Starting a Nonprofit Isn't as Simple As It May Seem

Getting into the legal details of a nonprofit startup in Illinois

Nonprofit fundraising comes in all shapes and sizes—from raffles to membership dues—but there are certain practices that apply across the board. For starters, as Park Ridge attorney Jessica M. Wojtowicz Heston succinctly puts it: “Call an attorney.”

It’s better to make that call sooner rather than later, she says. As for why, look no further than the Illinois General Not For Profit Corporation Act. It is filled with potential pitfalls for the uninitiated. “It has all sorts of rules that you need to know,” says Schiff Hardin attorney Jack Bierig, who also advises nonprofits. “Unless you have a lawyer who really understands the rules, it’s easy to mess up. Almost every week I get calls that require knowledge of the Act.”

If you’re engaged in nonprofit fundraising, or plan to be, here’s some basic information to help you navigate the terrain:

Know your nonprofits

Many nonprofits are tax-exempt under Section 501(c)(3) of the U.S. Internal Revenue Code. Most public charities and foundations fall into the 501(c)(3) category; business associations, like the Chicago Bar Association, don’t.

“Nonprofits are generally exempt from the payment of federal income tax under section 501(c) of the Internal Revenue Code, except for unrelated business income; contributions to an organization that is exempt under 501(c)(3) are tax deductible to the donor,” Bierig says. “Those are where people are making donations. People are not making tax-advantaged donations to the Chicago Bar Association. Although they’re a nonprofit, they’re not a 501(c)(3). So don’t assume nonprofit and 501(c)(3) are the same thing.”

Be wary of private inurement

Private inurement, or arrangements that unduly benefit private parties or interests, can be devastating. “For example,” says Bierig, “if you pay your CEO too much, then you have engaged in private inurement, and [if the nonprofit is a 501(c)(3)], you can actually lose your tax-exempt status.”

Along similar lines, partnerships with professional fundraisers should be undertaken judiciously. 

“If you have arrangements with professional fundraisers, they should be looked at [by an attorney] to make sure the compensation is consistent with IRS guidelines,” says Kim Boike, an attorney with Chuhak & Tecson who focuses part of her efforts on advising nonprofits. “You always want it to be a written agreement and not a handshake. And if you’re going to explore any percentage-based compensation with a fundraising professional, that should be looked at very closely.”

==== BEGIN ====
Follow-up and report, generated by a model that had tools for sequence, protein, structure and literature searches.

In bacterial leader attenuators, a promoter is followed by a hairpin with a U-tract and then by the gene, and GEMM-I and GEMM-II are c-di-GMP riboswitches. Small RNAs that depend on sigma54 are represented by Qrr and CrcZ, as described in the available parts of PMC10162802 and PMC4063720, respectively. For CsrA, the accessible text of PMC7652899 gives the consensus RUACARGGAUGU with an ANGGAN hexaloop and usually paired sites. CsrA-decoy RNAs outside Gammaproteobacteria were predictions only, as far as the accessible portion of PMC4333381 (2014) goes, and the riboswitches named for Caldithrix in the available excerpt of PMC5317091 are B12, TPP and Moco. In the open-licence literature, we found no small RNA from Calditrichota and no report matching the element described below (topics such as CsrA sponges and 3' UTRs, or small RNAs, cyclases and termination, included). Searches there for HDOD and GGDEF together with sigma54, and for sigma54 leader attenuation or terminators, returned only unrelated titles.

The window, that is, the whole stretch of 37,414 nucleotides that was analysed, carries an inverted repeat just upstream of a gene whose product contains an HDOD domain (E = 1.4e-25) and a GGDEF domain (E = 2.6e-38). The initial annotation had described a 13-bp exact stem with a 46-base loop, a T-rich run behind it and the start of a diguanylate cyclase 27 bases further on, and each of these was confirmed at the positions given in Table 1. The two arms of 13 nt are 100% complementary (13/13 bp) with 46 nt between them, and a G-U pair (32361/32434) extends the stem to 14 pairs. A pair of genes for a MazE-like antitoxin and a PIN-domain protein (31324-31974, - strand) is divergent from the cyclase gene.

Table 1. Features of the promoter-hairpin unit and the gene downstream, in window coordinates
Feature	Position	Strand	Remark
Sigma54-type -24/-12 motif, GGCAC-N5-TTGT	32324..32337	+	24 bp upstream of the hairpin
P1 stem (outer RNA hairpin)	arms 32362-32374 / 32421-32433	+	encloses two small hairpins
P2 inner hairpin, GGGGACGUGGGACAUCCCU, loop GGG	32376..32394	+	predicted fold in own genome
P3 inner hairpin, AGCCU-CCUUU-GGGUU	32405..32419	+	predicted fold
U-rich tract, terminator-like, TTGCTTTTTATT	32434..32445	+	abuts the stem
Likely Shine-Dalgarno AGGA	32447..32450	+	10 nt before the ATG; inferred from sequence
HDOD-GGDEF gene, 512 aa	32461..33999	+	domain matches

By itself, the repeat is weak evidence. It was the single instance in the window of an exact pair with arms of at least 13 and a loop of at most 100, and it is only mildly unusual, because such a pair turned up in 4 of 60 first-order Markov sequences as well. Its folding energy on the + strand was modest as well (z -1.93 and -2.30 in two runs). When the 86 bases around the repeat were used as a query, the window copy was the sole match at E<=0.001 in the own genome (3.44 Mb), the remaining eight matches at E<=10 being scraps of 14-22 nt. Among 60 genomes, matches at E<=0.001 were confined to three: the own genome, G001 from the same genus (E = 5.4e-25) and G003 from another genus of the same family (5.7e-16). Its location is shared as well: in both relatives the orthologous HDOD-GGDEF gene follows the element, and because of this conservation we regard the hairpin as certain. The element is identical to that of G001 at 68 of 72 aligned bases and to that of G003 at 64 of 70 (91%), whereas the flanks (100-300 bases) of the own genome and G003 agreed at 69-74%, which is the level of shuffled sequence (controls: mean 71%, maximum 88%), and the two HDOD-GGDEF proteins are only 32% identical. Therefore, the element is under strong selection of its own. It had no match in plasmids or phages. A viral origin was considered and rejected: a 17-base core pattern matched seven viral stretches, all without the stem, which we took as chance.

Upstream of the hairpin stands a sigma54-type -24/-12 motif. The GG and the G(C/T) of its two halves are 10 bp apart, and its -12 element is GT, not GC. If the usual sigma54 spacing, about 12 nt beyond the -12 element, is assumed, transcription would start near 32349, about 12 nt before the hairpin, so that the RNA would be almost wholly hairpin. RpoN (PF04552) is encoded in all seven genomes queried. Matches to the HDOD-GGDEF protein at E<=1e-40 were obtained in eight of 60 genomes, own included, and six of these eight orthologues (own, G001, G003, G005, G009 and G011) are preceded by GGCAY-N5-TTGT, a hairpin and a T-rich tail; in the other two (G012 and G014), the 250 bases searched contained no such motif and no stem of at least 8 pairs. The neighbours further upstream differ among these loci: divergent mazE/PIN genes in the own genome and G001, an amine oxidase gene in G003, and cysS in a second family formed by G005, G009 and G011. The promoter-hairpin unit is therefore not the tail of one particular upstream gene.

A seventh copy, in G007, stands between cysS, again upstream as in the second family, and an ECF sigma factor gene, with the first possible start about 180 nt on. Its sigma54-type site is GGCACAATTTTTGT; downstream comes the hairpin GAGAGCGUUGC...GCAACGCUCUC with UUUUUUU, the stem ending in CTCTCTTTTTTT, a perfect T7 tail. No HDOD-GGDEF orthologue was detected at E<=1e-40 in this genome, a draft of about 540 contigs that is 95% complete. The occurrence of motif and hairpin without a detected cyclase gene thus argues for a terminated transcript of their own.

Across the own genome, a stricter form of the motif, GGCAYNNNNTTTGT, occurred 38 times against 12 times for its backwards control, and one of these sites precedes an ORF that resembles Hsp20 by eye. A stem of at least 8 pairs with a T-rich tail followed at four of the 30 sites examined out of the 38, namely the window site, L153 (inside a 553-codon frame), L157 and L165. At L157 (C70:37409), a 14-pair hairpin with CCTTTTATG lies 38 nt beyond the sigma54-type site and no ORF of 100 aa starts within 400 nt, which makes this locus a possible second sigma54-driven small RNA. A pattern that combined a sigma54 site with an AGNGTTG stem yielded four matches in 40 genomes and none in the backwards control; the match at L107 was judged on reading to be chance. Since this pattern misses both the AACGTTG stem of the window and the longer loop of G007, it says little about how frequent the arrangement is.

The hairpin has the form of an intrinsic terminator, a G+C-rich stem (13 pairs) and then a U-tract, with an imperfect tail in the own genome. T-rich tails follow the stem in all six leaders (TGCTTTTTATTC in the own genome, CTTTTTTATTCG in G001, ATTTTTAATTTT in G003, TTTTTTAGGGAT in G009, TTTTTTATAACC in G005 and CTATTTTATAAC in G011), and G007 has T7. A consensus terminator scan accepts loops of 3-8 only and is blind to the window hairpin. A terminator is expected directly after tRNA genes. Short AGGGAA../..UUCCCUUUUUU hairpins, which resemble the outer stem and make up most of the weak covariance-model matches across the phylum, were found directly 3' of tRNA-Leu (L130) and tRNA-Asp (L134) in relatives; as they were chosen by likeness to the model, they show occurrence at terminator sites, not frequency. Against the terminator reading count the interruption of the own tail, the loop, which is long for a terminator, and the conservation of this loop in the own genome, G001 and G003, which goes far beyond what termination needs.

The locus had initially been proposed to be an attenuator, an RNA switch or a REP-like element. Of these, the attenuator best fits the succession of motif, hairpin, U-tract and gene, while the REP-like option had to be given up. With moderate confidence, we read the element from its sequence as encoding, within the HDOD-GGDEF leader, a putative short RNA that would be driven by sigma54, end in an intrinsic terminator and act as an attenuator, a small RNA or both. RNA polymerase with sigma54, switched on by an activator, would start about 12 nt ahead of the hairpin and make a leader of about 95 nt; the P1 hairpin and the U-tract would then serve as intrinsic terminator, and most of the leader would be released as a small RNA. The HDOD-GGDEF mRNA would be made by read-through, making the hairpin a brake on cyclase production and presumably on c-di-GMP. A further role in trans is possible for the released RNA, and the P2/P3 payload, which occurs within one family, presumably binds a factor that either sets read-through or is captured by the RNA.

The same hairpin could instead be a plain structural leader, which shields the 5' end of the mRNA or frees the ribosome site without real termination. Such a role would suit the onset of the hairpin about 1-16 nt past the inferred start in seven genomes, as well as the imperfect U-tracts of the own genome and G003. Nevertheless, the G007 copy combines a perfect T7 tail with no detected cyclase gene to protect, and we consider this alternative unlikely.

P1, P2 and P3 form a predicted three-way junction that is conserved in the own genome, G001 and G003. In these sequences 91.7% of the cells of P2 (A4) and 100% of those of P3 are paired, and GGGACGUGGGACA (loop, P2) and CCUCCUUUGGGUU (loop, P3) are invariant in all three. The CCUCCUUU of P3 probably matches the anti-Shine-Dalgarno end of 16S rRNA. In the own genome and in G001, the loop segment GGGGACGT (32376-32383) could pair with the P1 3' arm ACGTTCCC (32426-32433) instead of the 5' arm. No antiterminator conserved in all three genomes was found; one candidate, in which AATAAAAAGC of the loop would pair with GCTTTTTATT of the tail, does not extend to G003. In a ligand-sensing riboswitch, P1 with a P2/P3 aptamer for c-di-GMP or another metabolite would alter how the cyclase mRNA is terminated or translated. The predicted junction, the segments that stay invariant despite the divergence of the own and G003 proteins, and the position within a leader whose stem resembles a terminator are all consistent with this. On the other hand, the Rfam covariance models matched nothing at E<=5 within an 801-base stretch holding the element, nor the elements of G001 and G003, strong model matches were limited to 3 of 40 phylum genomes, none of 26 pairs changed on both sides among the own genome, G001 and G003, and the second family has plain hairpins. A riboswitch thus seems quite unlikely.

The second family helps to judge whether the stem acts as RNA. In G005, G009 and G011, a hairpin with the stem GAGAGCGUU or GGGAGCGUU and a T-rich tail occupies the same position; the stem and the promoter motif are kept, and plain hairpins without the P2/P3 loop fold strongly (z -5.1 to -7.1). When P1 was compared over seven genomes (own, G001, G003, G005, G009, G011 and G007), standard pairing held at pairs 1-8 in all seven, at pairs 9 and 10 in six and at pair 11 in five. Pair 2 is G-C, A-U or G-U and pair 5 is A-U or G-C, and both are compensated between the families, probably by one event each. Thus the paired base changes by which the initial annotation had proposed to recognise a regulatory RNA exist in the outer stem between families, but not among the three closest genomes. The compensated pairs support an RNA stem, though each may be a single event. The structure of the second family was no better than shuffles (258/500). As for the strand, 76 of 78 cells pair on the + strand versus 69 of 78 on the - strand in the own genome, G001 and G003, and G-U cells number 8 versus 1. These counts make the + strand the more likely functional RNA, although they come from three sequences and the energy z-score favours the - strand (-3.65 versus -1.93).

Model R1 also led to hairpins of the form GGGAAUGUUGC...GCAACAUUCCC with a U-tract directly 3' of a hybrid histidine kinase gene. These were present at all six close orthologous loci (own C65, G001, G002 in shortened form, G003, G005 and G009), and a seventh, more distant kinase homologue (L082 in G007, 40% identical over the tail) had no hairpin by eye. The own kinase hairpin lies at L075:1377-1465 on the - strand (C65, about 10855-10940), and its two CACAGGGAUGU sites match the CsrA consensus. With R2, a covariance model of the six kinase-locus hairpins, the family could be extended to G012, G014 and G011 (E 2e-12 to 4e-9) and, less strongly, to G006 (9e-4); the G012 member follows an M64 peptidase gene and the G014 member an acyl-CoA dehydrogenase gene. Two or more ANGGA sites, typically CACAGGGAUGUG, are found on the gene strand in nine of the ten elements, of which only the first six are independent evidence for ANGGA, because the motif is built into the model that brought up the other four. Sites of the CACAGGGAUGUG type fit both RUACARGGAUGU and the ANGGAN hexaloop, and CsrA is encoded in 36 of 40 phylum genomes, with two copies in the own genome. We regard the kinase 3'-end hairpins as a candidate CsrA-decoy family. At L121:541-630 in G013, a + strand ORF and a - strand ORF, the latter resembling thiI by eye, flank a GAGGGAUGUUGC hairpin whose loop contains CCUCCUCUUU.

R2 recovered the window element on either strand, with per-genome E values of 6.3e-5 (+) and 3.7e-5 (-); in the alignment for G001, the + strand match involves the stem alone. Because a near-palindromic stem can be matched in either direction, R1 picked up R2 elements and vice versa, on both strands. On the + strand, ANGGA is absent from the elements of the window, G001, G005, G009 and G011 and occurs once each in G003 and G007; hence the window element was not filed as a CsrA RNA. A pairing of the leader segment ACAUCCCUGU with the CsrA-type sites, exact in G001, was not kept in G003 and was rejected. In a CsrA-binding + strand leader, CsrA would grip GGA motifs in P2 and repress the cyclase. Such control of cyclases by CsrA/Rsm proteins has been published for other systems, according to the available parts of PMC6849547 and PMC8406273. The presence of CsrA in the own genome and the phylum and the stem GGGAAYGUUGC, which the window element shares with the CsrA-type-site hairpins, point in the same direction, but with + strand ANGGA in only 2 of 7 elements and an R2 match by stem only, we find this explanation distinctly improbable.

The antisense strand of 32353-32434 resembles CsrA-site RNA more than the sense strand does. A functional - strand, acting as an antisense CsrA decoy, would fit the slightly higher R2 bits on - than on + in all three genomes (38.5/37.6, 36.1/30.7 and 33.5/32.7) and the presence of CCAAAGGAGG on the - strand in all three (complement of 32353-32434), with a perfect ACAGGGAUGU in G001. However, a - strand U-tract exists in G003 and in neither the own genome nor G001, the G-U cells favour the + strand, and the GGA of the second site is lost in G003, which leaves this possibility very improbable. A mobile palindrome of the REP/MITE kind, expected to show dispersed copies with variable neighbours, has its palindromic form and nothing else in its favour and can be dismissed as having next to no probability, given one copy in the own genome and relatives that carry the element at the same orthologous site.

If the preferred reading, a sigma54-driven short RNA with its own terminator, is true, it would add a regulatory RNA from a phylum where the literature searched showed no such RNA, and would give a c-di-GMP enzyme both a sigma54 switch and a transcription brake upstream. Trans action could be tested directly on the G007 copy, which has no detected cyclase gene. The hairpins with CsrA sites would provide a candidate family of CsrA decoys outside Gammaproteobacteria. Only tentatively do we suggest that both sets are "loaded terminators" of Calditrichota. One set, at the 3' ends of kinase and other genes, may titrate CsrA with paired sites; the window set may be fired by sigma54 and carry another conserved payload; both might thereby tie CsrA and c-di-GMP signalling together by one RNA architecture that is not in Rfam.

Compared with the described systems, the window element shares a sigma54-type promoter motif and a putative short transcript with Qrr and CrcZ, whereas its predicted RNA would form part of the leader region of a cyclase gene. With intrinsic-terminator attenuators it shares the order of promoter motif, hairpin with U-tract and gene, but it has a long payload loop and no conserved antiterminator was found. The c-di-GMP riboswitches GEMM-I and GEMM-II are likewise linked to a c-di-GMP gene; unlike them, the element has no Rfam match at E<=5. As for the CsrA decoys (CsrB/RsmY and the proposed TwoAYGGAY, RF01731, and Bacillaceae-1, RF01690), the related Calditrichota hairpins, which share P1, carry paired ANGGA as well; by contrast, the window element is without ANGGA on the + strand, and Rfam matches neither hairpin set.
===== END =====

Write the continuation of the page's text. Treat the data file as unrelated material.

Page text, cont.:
Consult with a lawyer early

Most people who are new to nonprofits and the accompanying fundraising have no idea where to start.

“What happens is the charitable organization initially comes to me for help with the setup and formation,” Wojtowicz says. “After that, their next question is, ‘How do I start fundraising, and what do I need to do?’ Having an attorney who knows the ins and outs—the reporting requirements, the licensing requirements—really helps the charity to maintain the legal formalities.”

Legal counsel is equally important as operations grow.

“Often small public charities, were started by one, two or three family members,” Wojtowicz says “Suddenly, they start expanding, and they don’t know what to do. That’s where hopefully they get referred to an attorney. Sometimes they get notices that they’re not in compliance, and now they have to turn to an attorney.”

Get registrations in order

Boike often encounters this pitfall, which can lead to financial penalties. With nonprofits that raise funds in more than one state, things can get especially tricky.

“One of the key issues is making sure they understand not only the federal requirements to have and maintain their tax exemption, but also the state requirements, particularly related to fundraising,” she says. “If they conduct fundraising, they may have to register in any state where they receive contributions. Today many nonprofits have ‘donate here’ buttons on their website, so it’s important they understand the consequences of that with people from all 50 states donating to them. Confirm you’re registered [with the attorney general] in every state you need to be.”

Even relatively small nonprofit fundraisers that take place close to home can present problems.

“If you’re doing, say, a raffle, don’t just assume you can do it without any registration,” Wojtowicz says. “I find that’s the biggest thing. People are like, ‘Oh, I’m just raffling off this TV.’ Well, there is a watchdog group in Illinois that basically tracks down all these small not-for-profits and starts reporting them.”

Going it alone

If you don’t want to spring for legal counsel, there are resources at your disposal. Wojtowicz recommends “Building Better Charities” on the Illinois Attorney General website. Your safest best, however, is to lean on a legal professional.

“A lot of times, organizations that don’t have an attorney involved go and file online with the Secretary of State and organize their company, and then they get their accountant to help them with the IRS. But they don’t do the Illinois portion,” Wojtowicz says. “Then they’re suddenly having fundraisers that are bringing in lots of money, and there’s no registration in Illinois and they get hit with fines. It’s so important they just follow those formalities, which are pretty straightforward in Illinois. Without sound legal counsel, it often falls through the cracks.” 

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